Ride on by Kevin Rabas

Ride onKevin Rabas

Only a few Dems in this town, and Susan & Jason

have the bumper stickers to prove it, back of

the Ford Ranger, Kansas Dems, a blue circle.

Every season we gather, eat pizza and fruit salad, share

greens we’ve carted from Lawrence, next town, blue

town–dot–in red rectangle Kansas; here in Emporia, we
were once Progressive; Wm Allen White ran
against the Klan; I remember coal-colored CJ being called to play
with us at the Methodist church, only under-21 bassist in town,
and the tune goes: “Who’s got a robe that’s long and white…
Ride on, Ride on,” and all I can say is, “I think they mean
the Jesus, and hope they don’t mean the others
on horses, with the wicked pointy hats,” and we laugh, but not
because we know, but because we fear; something of those old
nights of fire and tall crosses, nooses, runs into land we now walk,
dirt fed by blood, and those damned knotted trees still stand.

*William Allen White ran for governor in 1924 in an attempt to expose the Klan’s prejudices (The Emporia Gazette).

~ Associate Professor Dr. Kevin Rabas (MFA, Goddard College; PhD, KU) co-directs the creative writing program at Emporia State and edits Flint Hills Review. He has four books: Bird’s Horn; Lisa’s Flying Electric Piano, a Kansas Notable Book and Nelson Poetry Book Award winner; Sonny Kenner’s Red Guitar; and Spider Face: stories. He also writes regularly for Jazz Ambassador Magazine (JAM). His work has been nominated for four Pushcart Prizes, and Rabas is the winner of the Langston Hughes Award for Poetry, the Victor Contoski Poetry Award, the Jerome Johanning Playwriting Award, and the Salina New Voice Award.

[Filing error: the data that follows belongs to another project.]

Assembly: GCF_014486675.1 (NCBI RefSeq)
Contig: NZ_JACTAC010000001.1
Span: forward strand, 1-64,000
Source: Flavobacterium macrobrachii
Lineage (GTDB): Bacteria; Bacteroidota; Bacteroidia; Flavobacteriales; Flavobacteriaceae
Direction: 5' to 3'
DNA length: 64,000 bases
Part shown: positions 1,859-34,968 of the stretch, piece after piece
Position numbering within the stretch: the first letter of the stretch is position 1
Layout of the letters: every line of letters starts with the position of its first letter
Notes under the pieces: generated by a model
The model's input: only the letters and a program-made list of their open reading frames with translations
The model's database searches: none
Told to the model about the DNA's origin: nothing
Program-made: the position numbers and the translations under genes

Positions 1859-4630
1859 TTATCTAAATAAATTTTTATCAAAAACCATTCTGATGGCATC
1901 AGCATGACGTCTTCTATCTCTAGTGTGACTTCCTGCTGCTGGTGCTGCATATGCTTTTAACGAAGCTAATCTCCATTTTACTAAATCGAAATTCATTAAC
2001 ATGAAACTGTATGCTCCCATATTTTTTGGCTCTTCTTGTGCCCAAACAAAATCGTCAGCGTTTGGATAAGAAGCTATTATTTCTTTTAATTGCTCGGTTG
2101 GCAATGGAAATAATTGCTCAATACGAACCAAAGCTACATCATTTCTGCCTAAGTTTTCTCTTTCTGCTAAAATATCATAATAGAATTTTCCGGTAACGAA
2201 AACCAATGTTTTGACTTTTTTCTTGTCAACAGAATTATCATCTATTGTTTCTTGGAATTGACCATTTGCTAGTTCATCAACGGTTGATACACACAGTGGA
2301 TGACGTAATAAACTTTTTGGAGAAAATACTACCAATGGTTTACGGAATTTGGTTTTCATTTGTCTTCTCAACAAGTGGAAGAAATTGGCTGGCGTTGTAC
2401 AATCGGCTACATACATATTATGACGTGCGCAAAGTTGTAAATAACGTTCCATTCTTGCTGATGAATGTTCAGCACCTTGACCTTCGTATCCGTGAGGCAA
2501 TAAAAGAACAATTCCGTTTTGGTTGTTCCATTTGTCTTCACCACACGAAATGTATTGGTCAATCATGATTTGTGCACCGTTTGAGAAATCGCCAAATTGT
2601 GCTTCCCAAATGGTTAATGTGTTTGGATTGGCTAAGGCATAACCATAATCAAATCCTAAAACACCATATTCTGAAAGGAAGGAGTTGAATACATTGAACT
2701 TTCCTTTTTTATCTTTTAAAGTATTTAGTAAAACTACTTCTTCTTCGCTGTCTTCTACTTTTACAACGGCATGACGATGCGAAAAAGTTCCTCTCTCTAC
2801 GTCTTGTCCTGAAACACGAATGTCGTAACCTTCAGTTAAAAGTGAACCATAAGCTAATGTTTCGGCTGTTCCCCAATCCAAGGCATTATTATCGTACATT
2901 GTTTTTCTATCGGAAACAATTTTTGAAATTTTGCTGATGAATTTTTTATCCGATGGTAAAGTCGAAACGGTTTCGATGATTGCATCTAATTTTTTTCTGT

~ February’s Guest Editor, Laura Lee Washburn, is the author of the Palanquin Prize chapbook Watching the Contortionists, and March Street Press’s This Good Warm Place, a poetry collection.  She directs the creative writing program at Pittsburg State University in Pittsburg, Kansas.  http://www.pittstate.edu/department/english/

38. To the Stars Through Difficulty: Kevin Rabas

Calvin runs his hand over the car top, closed hood, covered in frost, a stab
at each fingertip. Nineteen, Calvin washes his car evenings, cold or not,
then drives the blacktop suburban strips to school. Weekends, he drives
the long roads, the prairie roads, the roads of wheat, out west. His people had land
that’s now under water, under Lake Wilson, the salt lake, salt aquifer; no water
from that lake in to new crops. Grandma moved to Lucas, left the farm, lives
in town, two blocks from the Garden of Eden: “You know where I live?
I live right next door to the Garden of Eden. Up the way’s Paradise, and you go down
about a half a mile and you end up in Hell Crick.” Her story. Her sons wrap her
in strong arms, stand in wheat, Carhartts kicked up. In wind. Her last year. New wheat.

– Kevin Rabas